|Year : 2015 | Volume
| Issue : 1 | Page : 73-75
Kimura's disease of head and neck: a rare case presentation
Talha A Qureshi1, Moghira I Siddiqui1, Mohammad U Tariq2
1 Department of Otolaryngology-Head & Neck Surgery, Aga Khan University, Karachi, Pakistan
2 Department of Histopathology, Aga Khan University, Karachi, Pakistan
|Date of Submission||23-Nov-2101|
|Date of Acceptance||05-Dec-2014|
|Date of Web Publication||17-Mar-2015|
Talha A Qureshi
Department of Otolaryngology-Head & Neck Surgery, Aga Khan University, Stadium Road, Karachi 74800
Source of Support: None, Conflict of Interest: None
Kimura's disease (KD) is a rare, unusual occurrence, predominantly seen in Asian men, and poses a diagnostic challenge, often manifesting with allergic, eosinophilic hyperplasia, and nonspecific lymphadenitis. A 39-year-old man presented with mobile, well circumscribed, facial and neck swelling. His earlier biopsy showed a reactive lymph node hyperplasia on ultrasound neck and was suggestive of lipomatosis. As definitive diagnosis could not be made, the patient was planned for excision and biopsy. Subsequent histopathology demonstrated eosinophilic infiltration of lymphoid follicles and expansion of interfollicular area with interfollicular eosinophilic abscess formation and capillary venule proliferation. This was quite interesting as the previously diagnosed case of nonspecific lymphadenitis based on biopsy later turned out to be a rare occurrence of KD. Furthermore, because of other systemic symptoms (pedal edema and eye irritation), which probably reflected generalized manifestations of KD, the patient was referred to a rheumatologist after diagnosis, where he was effectively managed with immunotherapy and steroids.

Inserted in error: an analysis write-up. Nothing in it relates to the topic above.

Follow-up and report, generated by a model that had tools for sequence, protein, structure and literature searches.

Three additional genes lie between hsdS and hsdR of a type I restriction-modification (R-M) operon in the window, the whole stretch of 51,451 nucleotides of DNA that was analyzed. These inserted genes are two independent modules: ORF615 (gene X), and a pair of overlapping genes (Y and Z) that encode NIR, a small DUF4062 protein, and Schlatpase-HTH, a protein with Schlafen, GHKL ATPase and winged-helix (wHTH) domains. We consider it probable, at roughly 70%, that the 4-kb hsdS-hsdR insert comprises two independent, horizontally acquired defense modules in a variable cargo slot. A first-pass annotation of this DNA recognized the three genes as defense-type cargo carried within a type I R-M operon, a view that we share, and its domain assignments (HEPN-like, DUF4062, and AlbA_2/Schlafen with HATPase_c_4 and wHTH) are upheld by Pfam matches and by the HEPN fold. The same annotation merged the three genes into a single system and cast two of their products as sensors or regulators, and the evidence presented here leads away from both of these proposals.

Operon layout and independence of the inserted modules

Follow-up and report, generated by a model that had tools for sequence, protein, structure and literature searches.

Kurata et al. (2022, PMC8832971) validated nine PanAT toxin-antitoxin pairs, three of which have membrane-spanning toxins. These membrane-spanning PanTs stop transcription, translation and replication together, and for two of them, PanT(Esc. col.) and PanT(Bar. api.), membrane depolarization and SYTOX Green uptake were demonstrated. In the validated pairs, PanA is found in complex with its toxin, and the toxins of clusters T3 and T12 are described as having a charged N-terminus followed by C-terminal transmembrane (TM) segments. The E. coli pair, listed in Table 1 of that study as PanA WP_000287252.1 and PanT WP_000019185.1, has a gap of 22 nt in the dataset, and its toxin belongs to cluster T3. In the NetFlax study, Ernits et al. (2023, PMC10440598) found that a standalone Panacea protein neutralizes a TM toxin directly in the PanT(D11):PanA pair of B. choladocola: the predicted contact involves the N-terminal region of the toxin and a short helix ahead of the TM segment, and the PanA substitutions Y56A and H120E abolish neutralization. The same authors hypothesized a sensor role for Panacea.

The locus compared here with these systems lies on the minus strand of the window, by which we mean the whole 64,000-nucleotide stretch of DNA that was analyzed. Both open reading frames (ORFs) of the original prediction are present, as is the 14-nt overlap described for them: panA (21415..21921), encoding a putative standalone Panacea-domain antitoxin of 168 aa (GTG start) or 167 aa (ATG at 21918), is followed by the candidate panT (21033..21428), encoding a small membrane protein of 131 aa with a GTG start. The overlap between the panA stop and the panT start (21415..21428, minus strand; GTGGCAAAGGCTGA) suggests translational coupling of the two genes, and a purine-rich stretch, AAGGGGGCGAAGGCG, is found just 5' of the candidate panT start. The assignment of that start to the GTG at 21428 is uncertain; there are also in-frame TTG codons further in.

Keywords: Eosinophilic infiltrate, head and neck swelling, Kimura′s disease, lymphoid hyperplasia
|How to cite this article:|
Qureshi TA, Siddiqui MI, Tariq MU. Kimura's disease of head and neck: a rare case presentation. Egypt J Otolaryngol 2015;31:73-5
|How to cite this URL:|
Qureshi TA, Siddiqui MI, Tariq MU. Kimura's disease of head and neck: a rare case presentation. Egypt J Otolaryngol [serial online] 2015 [cited 2019 Nov 22];31:73-5. Available from: http://www.ejo.eg.net/text.asp?2015/31/1/73/152713